On Tues 17th May 2011, Hewlett-Packard Co. reported a small increase in Q1 profit after a leak of a memo from the company’s CEO warning management of “another tough quarter.”
The results for the quarter ended April 30 came in slightly above Wall Street’s expectations despite weakness in the company’s PC business and a slowdown in services.
The shares had dropped more than 20% since the company’s last earnings report in mid-February when it first warned of a slowdown in its PC and services businesses. They dropped further in after-hours trades on Monday after Bloomberg reported the leaked memo.
By the time the Tuesday’s market closed, H-P’s HPQ -1.14% shares had fallen 1.1%, to close at $36.49 and add to the previous day’s decline of more than 7%. H-P’s shares have plunged by 25% since the company’s last earnings report in February.
Over the last two sessions since H-P reported its fiscal second-quarter results, analysts at Credit Suisse, J.P. Morgan, Barclays Capital, Susquehanna, Stifel Nicolaus, Collins Stewart, ISI Group and Brean Murray removed their buy ratings, downgrading the shares to neutral. A few others made less drastic adjustments, moving from “strong buy” to buy ratings.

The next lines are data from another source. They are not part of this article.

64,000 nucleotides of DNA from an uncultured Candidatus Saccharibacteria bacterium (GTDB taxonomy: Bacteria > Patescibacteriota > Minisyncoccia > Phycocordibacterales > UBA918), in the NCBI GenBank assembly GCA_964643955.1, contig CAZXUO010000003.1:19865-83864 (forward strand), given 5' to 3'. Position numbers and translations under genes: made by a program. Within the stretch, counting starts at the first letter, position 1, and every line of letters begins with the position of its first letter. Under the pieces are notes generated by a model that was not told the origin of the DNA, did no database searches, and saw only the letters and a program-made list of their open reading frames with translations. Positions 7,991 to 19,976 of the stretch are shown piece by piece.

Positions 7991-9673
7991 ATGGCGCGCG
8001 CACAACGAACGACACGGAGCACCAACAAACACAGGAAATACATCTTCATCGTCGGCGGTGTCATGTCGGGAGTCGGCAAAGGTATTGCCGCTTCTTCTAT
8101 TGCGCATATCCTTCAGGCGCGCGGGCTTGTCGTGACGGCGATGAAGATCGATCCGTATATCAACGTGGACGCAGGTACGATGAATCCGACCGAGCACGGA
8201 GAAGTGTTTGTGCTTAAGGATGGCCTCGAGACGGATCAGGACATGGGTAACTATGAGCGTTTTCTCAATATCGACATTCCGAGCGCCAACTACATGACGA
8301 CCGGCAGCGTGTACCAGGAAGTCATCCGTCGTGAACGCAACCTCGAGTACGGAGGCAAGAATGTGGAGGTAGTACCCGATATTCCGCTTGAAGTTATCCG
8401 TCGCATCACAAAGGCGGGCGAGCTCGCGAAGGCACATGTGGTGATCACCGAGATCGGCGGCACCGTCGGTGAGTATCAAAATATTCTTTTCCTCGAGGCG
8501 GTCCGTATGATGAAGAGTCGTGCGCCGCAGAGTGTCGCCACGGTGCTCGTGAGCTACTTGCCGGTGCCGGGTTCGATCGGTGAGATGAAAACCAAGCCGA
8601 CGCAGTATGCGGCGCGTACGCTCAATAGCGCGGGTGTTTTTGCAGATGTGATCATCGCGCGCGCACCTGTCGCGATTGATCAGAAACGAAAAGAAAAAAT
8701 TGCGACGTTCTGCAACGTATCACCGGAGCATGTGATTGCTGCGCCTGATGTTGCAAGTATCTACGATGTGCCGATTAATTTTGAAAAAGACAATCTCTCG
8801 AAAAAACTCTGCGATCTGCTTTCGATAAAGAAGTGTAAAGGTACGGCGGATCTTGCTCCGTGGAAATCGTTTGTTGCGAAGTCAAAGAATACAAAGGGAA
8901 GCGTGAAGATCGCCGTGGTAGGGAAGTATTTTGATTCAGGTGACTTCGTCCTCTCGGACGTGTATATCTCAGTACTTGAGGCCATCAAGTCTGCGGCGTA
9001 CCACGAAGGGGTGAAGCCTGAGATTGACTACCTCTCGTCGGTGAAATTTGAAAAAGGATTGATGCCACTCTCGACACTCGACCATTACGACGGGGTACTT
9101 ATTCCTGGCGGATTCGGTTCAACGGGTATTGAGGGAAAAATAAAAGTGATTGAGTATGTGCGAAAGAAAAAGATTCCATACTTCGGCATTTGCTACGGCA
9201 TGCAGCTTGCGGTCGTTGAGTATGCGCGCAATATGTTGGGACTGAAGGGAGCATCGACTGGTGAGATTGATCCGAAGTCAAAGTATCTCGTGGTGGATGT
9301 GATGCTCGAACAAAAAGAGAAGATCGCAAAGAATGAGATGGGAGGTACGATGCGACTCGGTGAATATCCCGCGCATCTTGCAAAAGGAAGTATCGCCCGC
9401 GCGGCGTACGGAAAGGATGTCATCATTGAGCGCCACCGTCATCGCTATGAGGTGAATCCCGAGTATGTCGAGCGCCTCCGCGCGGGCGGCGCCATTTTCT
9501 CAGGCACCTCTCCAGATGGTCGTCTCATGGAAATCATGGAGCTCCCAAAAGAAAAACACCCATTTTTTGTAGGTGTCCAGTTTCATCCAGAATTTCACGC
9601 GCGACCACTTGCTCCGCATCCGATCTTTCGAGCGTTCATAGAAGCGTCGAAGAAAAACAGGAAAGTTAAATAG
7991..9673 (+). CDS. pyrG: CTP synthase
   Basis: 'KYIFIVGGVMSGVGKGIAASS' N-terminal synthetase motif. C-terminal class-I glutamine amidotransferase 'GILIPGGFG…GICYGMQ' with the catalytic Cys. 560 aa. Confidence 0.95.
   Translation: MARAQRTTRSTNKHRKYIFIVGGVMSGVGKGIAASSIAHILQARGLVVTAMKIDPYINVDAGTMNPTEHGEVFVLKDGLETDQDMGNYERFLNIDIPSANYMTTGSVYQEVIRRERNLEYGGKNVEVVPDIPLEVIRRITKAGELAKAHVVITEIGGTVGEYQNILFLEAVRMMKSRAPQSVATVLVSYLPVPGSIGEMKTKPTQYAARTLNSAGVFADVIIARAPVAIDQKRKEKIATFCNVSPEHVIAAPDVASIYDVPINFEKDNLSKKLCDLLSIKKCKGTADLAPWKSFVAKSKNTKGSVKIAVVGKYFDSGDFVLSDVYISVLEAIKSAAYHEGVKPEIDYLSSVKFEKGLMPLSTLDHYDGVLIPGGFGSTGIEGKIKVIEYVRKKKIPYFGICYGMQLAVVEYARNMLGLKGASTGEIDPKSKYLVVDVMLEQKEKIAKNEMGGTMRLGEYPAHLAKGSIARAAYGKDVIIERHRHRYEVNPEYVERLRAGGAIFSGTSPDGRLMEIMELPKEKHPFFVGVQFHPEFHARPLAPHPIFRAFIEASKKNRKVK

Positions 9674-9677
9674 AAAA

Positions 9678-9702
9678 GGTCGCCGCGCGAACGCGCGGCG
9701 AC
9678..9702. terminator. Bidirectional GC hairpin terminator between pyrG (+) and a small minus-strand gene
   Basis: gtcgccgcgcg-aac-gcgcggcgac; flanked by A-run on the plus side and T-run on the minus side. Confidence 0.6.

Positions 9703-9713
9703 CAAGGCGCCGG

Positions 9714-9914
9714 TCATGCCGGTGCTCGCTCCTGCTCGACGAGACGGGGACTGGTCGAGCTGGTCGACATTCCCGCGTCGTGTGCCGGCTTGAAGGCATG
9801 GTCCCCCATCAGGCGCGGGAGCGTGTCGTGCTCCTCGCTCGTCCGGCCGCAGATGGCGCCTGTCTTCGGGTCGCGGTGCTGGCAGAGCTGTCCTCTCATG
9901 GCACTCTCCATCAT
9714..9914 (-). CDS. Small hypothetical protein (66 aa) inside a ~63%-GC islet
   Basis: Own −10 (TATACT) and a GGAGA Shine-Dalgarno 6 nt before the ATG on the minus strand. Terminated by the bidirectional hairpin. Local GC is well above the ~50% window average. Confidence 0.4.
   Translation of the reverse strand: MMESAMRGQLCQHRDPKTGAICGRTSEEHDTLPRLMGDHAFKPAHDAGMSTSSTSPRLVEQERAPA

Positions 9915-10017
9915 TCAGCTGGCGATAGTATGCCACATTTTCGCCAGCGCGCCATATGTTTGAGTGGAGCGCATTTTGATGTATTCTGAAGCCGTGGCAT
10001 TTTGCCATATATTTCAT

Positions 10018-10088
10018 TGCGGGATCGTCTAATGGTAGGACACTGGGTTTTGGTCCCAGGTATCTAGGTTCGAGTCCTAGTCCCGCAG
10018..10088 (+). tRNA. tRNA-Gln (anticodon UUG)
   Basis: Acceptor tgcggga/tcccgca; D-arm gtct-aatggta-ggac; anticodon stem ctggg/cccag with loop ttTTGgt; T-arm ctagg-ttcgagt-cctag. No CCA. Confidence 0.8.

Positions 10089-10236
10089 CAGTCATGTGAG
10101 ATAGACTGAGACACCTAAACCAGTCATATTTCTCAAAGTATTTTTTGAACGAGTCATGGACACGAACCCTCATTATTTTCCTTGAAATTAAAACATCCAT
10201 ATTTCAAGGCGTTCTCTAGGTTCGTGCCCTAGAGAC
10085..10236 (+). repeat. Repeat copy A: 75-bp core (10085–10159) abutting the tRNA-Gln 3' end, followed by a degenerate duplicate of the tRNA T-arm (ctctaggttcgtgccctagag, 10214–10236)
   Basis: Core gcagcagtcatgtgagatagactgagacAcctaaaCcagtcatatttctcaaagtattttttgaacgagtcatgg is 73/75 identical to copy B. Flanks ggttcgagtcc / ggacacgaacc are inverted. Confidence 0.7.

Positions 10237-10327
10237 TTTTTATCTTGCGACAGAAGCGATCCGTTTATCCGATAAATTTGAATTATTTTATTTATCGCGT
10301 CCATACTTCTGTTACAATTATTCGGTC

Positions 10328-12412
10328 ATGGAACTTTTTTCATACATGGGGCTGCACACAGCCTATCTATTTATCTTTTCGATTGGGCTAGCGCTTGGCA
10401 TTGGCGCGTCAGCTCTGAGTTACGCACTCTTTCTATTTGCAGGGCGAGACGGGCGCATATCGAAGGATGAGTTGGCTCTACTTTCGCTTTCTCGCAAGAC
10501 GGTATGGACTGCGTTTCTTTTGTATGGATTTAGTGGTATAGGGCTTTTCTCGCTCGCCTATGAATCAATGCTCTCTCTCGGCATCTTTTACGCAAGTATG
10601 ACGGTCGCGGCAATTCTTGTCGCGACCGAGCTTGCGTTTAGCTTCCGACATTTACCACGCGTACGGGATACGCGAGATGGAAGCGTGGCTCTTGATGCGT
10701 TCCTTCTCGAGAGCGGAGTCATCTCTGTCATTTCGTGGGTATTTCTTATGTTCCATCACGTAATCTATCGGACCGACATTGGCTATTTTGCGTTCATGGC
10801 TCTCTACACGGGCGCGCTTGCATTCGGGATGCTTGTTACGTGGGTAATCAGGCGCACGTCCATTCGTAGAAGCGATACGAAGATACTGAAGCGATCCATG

It is no surprise that now HP stock price has greatly underperformed the overall S&P indices.
Key long term support of $36 should hold some grounds and if that fails, the next support line will be at $34. Though record earnings will not be the primary attraction now, HP would be able to turn table around by implementing cost control measures and building up investors’ confidence in the upcoming tablet (HP Slate, webOS) introduction.
At this juncture, it pays to be prudent and careful to accumulate for long term recovery in midst of this knee jerk price actions. But watch out if key support is further breached.